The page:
Who’s with me, scrambling to find activities to keep kids busy when they’re not in school the next few weeks? Here are four ideas to keep your kids busy when they’re not in school with a minimal number of supplies.
1. Virtual museum tours.
There are a number of museums that you can engage with while you’re stuck at home. Here is a list of a few from travelandleisure.com. Click through the museum tour itself, but also use these as a chance to talk about their location. How far is the museum from you? Google the address and find it on a map. What time is it there? Is there a time change? What is the weather like at the museum today? Is it the same as yours? All of these questions help your kiddos picture the museum and affirms that it is a REAL place.
2. Write letters to someone.
Talk to your kids about who they can think of that may enjoy receiving a letter. Their ideas may surprise you! Put out crayons or paint and let them make a picture. Or write a letter about what they hope to do this week. (That will also give you some insight into THEIR ideas!) Writing will help them practice letters, spelling, and communications. Creating pictures will help them practice their creativity! And by starting the project with their ideas of who to send it to will help teach them empathy.
3. Picture scavenger hunts.
Create one of your own, or download my Picture Scavenger Hunt PDF below. I used a bit of art and a bit of science when I made the download below for my own kids. They LOVE nature and outdoor education! So the element of taking a photo or drawing a pictures of something and then thinking more deeply about their subject has been great for them.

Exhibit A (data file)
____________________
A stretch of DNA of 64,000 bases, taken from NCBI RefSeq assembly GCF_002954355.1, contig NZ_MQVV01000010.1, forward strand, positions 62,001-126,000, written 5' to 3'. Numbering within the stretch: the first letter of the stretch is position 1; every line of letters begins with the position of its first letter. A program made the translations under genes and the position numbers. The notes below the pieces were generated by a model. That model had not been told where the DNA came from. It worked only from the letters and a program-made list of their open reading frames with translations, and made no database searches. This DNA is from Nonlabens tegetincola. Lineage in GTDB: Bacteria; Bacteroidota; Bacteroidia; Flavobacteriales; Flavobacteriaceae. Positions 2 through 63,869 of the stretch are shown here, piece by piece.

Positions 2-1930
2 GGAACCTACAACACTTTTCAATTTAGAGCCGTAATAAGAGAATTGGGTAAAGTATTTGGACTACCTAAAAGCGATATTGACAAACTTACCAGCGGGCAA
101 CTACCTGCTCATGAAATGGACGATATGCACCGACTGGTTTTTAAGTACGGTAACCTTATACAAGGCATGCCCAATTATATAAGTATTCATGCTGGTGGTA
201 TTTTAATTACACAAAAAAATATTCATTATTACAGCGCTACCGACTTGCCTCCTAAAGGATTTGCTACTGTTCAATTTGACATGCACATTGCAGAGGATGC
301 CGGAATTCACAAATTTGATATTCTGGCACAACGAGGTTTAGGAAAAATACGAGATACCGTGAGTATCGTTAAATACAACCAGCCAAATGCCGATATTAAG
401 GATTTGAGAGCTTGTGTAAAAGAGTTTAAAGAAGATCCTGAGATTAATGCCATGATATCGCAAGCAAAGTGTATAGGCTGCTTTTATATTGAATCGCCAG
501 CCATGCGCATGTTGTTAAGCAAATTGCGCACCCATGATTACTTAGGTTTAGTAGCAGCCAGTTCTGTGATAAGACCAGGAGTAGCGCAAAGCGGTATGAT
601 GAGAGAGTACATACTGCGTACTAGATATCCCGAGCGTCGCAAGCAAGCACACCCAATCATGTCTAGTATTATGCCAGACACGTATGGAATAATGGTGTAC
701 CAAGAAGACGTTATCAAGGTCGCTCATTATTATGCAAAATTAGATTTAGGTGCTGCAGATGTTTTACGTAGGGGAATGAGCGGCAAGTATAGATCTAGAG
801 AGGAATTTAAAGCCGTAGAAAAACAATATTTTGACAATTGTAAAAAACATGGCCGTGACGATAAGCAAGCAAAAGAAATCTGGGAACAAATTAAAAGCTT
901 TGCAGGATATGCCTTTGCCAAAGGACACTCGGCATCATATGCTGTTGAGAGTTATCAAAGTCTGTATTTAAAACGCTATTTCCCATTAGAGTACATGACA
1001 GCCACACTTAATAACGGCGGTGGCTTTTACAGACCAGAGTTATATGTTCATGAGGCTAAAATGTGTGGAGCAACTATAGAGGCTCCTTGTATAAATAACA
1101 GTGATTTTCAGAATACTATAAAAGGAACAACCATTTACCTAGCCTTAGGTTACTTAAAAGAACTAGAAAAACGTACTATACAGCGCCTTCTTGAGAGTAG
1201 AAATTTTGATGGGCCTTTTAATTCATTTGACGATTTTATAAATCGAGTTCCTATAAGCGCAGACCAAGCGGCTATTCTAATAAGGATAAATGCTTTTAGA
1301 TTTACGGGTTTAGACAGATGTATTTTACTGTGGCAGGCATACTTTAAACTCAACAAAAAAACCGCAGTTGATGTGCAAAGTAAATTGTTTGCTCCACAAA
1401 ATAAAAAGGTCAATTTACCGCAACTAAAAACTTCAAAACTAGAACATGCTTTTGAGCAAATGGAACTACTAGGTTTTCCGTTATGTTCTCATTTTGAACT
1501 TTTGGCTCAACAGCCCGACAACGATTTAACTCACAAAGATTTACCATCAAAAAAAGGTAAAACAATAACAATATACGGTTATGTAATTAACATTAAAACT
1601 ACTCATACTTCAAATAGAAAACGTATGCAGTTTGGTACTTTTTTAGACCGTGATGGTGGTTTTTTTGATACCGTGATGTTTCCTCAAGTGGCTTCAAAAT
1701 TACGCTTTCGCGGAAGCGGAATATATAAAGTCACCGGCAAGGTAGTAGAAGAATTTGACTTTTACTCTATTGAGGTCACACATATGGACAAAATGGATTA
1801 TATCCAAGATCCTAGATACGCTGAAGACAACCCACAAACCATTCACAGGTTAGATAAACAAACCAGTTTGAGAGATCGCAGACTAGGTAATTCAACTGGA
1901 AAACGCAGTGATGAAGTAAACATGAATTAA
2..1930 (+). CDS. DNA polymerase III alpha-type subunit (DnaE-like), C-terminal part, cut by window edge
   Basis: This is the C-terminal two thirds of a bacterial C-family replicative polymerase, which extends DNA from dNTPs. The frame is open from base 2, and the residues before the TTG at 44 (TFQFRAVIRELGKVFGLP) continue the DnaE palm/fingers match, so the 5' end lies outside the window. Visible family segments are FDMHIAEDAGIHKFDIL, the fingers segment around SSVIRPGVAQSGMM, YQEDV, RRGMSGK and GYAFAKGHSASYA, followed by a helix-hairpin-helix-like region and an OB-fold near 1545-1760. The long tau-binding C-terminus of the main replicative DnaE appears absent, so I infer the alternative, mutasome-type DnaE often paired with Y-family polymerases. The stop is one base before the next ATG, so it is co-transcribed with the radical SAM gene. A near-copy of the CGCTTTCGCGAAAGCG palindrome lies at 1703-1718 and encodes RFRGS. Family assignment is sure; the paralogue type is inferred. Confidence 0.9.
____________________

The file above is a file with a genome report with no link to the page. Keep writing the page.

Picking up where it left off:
You can make your own picture scavenger hunt by making a list of things that kids can find. Items can either be indoors, or outdoors depending on the weather. They can also be specific or general depending on the age and developmental phase of the child. When you’ve put together a list of 5-10 items, send the kiddo out on the hunt with a paper and crayons, or a device that can take photos. (iPad, an old camera, or go along and help them snap a pic on your smart phone.) Have them check off their list as they find the items, and they can draw a picture of what they found, or snap a photo to show you.
4. Start some seeds.
You can go all out and buy seed starters, OR you can grab an empty container, some soil from outside, and some seeds from a fruit you’re serving at snack time. We plant seeds with the kids every year and they LOVE it. But we also recently plunked a few apple seeds in a container with a house plant just to see what would happen and one sprouted! We replanted it in a bigger pot with it’s own soil and the little guy seems to be doing well!
Seeds are a great activity to keep kids busy when they’re not in school because it’s an activity that continues to change with very little additional work. You can spend 30 minutes to an hour planting and talking about seeds and growth. Water it every few days, and then when it sprouts- the project gets exciting all over again!
Depending on the kids’ ages, you have various talking points. Growth, plants as babies versus plants as adults, photosynthesis, what plants need in order to grow. Plants and growing seeds are a great educational project with opportunity to learn at many different developmental phases.
I hope you found a few ideas to keep your kids busy when they’re not in school! If you try any and take photos- or end up with any pictures- I’d love to see what you came up with! Tag me on instagram @lavendergreenpics or #lavendergreenphotography so I can see what you came up with! (Plus scrolling through your photos with MY kids will give our family something to do as well!)
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